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Here's the latest script for an hour-long drama web series called STREET that I'm writing and planning on filming in my home country Nigeria. The first season will consist of (4) 45 minute episodes. I'm midway through the second script also written on legal pad. Anyway, I've found that writing on a legal pad works best for me before transferring the script to Celtx ( I don't use Final Draft). My writing process is much faster on the legal pad and I pushed out the first 45 page episode in a week because the pen just flows.
I take my legal pad with me in the car, at home and when a scene pops up I put it on paper right away. And when I'm not on the pad, I just write on my iPhone then transfer to paper as soon as I can.
So just thought I'd share my new and effective writing process.
What's your writing process? What's your take on legal pad screenwriting?
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Old school, I like it.
Awesome! Personally though I can't do it that way. My handwriting's terrible and I can type way faster than I can write. Also my writing process consists of setting aside a specific time, usually at night, to just sit down and write. I can't multitask and just start writing stuff anytime. (Although if I get a good idea, I'll usually jot it down via a pen so I remember it later).
I use Word or word pad and just type it in screenplay format as I go. Never have used a screenplay program. Maybe someday I'll try it on a typewriter...
It's good to read various perspectives on this topic and I couldn't shoot without a properly formatted shooting script on a screenwriting program. Also, every minute you spend on Word/typewriter is 30 seconds on Final Draft or Celtx. :)
Ah, but I submit that a properly formatted shooting script doesn't require a screenwriting program...just the proper know how. And I skip the hours spent writing on paper, so it's probably sixes... : )
I do both, but I do have a habit of writing scenes in a notebook, and then when I re-type it back into Final Draft, I use that as time to write the second draft. I'm constantly editing what I wrote in the notebook. Forces me to really fine tune what I'm writing.
Agree Aaron. :)
Nothing wrong with it man. Not at all. My process always starts on paper. Its where I rearrange and get my idea out. This is also where I write out and develop my characters and backstories. Then I take that move to the computer and outline the entire story or each episode if I am doing a series, in detail.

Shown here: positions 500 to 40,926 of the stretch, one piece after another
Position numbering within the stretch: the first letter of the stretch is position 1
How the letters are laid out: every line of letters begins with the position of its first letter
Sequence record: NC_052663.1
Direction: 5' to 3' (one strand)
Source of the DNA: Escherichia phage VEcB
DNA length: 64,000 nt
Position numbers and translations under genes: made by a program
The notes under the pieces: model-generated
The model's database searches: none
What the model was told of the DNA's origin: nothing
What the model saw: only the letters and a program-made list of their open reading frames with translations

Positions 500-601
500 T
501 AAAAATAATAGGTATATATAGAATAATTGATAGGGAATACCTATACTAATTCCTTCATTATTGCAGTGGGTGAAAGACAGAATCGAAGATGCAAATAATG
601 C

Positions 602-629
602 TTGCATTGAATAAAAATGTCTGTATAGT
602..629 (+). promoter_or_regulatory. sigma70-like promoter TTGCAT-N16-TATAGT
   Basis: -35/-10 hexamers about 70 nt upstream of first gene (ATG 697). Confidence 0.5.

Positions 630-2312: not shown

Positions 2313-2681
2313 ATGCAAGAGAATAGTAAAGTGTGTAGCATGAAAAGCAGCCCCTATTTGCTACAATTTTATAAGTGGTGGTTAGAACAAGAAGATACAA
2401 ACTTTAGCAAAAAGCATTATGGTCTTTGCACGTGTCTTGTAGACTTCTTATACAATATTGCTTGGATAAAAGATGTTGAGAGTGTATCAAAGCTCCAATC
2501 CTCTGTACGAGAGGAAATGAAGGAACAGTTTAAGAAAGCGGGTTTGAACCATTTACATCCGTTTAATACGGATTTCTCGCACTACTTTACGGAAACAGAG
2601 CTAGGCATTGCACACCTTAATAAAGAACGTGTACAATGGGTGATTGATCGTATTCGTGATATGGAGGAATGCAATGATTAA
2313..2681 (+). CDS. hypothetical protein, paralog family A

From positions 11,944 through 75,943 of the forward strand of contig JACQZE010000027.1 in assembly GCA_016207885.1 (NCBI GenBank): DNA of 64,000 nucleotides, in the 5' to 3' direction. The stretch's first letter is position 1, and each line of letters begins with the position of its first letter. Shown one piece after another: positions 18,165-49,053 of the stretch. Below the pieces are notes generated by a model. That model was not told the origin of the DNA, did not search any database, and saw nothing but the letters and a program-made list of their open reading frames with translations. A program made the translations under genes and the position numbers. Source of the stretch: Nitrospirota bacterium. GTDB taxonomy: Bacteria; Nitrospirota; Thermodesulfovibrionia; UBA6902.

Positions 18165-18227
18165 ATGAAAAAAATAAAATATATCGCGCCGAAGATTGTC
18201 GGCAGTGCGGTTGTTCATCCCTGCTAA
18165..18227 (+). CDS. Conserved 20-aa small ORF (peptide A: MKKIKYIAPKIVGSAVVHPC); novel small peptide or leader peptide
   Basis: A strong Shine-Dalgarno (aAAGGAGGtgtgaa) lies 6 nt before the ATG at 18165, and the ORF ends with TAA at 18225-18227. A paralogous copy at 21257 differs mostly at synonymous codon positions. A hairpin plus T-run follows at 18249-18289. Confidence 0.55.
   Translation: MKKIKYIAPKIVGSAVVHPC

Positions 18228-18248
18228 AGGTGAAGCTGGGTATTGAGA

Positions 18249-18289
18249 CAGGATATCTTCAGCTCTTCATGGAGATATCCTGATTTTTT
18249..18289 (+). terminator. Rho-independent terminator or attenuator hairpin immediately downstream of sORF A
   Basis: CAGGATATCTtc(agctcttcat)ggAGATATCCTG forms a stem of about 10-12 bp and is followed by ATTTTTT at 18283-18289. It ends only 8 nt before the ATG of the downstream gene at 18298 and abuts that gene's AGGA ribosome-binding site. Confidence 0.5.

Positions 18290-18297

After I have written my outline the first time, I got back over it 3-4 times to make sure it flows correctly. Once that is done, I start my screenwriting process. Which follows the same path. Write it out, deconstruct, and reconstruct. Writing is rewriting. :)
Nice process. I don't outline. I visualize my character in my head, down to what he's wearing and just let it flow. I play each scene out in my head from start to finish and if it makes sense I'll write what's in my minds eye. If it doesn't make sense, I keep tweaking in my head until it does before putting it on paper.
For jotting down fanstastic thoughts and ideas that might otherwise be forever lost to the ages--keeping some handy-dandy device like a legal pad at one's fingertips is, in my humble opinionn, is the way to go -- I only wish that I were better at making it a habit rather than an occasional practice--many of the great comic voices such as George Carlin and others, say they owe their whole careers to doing just that: having a legal pad or recorder with them at all times so that when stuff suddenly comes to them--bam! there it is.....
As for writing scripts, whether freeform or structured, I've, graduallyy converted to composing right at the keyboard--and now don't think I could go back to writing on paper if I had to....for years I had been a firm believer that there was a magical connection between the writing implement and the hand that was holding it, and the brain, that mechanically punching keystrokes of though just couldn't replicate......not so much anymore, in fact, not at all, really....another sad reality of mine, is that if I jot something down, MAYBE I'll be able to find it and that's a very generous MAYBE--but if it's saved to a harddrive and backed up on a cloud or whatever.....it's there forever, AND the ease of finding things just by searching for a single, preferably obscure, term that you know is in there somewhere....it's a whole different universe....than trying to find something I wrote years before--a lot of the time, the paper I wrote it on may not even still exist.......
Thanks for the topic, Rich--always keepin' us thinking.....Yo! WSN!!!
I hear ya Bob and thanks for your voice. My penmanship has diminished over the years due to technology as you can see and I'm probably the only one on earth that can read my handwriting.
An aside: I remember growing up we got extra allowances for good penmanship, our parents way of encouraging us to write, write, write. That's the good ol' days. :)
There's something intimate about pen and paper connecting. Trust me I wouldn't trade technology for a notebook, but my screenplay is a fulfilling excuse to go pen/paper. :)
This morning on a drive time talk show Steven King was saying words to the effect that when he doesn't have something handy -- I guess he meant a computer -- not exactly sure (and here's a quote) "The legal pad is my favorite tool."
God bless him. :)